proj4string(df2)=CRS("+init=epsg:4326") # points are initially projected in WGS84
df2=spTransform(df2,CRS("+init=epsg:27572")) # points are distributed on an approximatly regular grid in NTF Lambert Zone II (thank you @FSimardGIS !!!)
grid=points2grid(df2,tolerance=0.00587692) # 0.00587692 is the minimum value I found by hand, by trial and error
grid=st_transform(grid,crs="+init=epsg:4326") # re-projection of the grid in the initial projection of df values which are in WGS84
cl=makeCluster(spec=(detectCores()-1)) # parallel computation in order to know which cells from grid actually contain points from df
grid=grid[df$gridLoc,] # selection of cells from grid that actually contain points from df
grid$layer=df$ID # transfert the ID of centroids to the coresponding cell of the grid
Which give this nice plot (color layer corresponds to the initial ID of spatial points in df, white dots correspond to the initial centroids from df):
Even if some points seem to be a bit off-center from the cell, its only a plotting artifact due to the high resolution, as we can see here with increased zoom on Corsica:
The answer to this post is therefore : (1) find the right projection in which points form a regular grid; (2) use gridded() or points2grid() to compute the regular grid; (3) transform the grid points into a raster using rasterFromXYZ(); (4) transform the raster into polygons using rasterToPolygons(); (5) re-project the polygons into the initial projection using st_transform(); (6 optional) if you do not want to keep all created cells within the grid, use st_intersects() to find which cells actually contains initial points.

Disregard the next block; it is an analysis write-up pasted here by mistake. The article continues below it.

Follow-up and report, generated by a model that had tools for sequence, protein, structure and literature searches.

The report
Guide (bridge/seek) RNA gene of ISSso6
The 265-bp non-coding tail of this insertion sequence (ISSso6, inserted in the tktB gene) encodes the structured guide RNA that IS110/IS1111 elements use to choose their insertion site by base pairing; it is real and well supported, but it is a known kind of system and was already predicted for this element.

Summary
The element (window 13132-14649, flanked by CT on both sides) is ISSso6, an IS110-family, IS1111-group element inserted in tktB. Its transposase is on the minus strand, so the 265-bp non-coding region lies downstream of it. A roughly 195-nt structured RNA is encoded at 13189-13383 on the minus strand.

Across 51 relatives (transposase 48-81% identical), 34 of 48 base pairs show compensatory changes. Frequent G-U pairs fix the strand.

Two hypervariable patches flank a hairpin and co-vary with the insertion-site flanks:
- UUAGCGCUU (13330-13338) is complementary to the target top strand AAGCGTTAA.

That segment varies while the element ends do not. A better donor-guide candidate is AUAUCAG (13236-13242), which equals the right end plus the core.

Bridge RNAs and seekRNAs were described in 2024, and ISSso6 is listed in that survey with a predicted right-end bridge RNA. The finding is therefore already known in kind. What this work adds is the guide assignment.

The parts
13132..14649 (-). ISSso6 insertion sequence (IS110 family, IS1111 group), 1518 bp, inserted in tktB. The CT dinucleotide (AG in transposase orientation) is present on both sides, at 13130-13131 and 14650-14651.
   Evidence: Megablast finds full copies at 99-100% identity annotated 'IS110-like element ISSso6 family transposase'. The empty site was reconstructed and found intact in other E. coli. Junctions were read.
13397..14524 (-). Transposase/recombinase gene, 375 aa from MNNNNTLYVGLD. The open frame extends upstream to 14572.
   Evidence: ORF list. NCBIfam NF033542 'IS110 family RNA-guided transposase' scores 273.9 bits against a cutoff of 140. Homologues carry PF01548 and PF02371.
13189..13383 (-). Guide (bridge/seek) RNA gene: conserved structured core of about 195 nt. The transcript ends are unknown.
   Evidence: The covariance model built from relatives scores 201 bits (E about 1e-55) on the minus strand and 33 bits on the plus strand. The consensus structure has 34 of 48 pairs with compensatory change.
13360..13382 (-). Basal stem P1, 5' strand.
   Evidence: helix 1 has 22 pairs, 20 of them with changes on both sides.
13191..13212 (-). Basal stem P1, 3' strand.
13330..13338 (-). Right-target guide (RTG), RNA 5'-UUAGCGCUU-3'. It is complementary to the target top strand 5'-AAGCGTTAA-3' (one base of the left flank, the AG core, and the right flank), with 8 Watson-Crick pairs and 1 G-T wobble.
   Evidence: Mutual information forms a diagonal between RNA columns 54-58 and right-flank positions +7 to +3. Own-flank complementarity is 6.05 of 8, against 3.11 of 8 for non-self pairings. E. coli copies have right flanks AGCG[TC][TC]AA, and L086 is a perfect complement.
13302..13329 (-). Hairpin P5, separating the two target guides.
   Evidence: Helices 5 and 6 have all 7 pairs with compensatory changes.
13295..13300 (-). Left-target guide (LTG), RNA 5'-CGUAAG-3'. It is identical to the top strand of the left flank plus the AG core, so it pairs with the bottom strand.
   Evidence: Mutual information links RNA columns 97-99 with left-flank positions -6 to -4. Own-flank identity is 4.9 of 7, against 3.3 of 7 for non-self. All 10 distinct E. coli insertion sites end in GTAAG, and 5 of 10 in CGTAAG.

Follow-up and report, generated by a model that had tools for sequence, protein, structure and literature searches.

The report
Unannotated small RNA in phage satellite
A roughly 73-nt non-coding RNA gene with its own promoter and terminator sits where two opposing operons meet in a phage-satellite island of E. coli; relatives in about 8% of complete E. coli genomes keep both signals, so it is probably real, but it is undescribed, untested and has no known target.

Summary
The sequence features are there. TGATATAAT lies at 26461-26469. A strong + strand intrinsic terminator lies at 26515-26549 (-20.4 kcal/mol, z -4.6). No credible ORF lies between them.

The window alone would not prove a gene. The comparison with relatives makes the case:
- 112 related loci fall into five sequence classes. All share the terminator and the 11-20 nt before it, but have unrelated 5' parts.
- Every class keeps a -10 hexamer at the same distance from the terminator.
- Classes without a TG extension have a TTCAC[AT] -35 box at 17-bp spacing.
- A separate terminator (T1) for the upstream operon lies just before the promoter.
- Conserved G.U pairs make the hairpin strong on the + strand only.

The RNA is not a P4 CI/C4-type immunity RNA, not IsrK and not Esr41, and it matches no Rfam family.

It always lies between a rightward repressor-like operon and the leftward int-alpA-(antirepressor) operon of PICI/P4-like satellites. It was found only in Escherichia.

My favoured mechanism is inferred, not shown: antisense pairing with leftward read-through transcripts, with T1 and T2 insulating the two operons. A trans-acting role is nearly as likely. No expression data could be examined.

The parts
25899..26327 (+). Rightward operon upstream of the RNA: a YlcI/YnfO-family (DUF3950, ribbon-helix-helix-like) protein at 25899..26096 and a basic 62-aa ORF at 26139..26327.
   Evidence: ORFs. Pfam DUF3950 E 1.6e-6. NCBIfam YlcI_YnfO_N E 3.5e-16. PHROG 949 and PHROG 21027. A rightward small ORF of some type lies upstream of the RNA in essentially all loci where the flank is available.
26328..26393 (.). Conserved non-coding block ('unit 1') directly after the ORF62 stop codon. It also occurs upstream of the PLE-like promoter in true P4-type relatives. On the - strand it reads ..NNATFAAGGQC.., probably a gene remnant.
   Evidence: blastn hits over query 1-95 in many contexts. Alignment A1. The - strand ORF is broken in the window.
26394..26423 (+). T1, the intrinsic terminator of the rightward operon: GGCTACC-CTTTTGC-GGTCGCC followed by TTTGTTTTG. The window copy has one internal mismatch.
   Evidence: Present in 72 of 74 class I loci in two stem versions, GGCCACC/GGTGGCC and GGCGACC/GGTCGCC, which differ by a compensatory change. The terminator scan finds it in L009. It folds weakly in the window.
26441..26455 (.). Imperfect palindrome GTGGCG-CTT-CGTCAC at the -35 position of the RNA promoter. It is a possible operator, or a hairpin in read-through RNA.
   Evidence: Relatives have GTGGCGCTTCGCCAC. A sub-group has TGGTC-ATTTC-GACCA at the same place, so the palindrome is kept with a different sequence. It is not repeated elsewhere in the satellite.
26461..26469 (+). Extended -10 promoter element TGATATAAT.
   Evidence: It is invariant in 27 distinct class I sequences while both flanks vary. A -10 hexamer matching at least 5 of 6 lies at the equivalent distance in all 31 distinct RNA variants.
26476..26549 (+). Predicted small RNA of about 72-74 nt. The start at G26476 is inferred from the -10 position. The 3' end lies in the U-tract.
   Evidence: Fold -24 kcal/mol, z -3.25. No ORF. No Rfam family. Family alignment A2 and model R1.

Thanks a lot for your advices !
Testing the grid centroid offsets:
I can compute the centroids of the grid and compare their location to the initial centroids:
estimatedCentroids=st_centroid(grid) # new centroids from grid
trueCentroids=st_centroid(st_as_sf(df)) # initial centroids from df
centroidsOffset=st_distance(estimatedCentroids,trueCentroids,by_element=TRUE) # compute distance of each pair of centroids between grid and df
With the final solution that I present above, I therefore make an average error of 550m (range from 170m to 900m):
If I well understand the methodology, this is due to the use of the points2grid() function with a tolerance parameter of 0.00587692. Which means that points are not distributed on a true regular grid, even in the NTF Lambert Zone II projection (which still the better I found).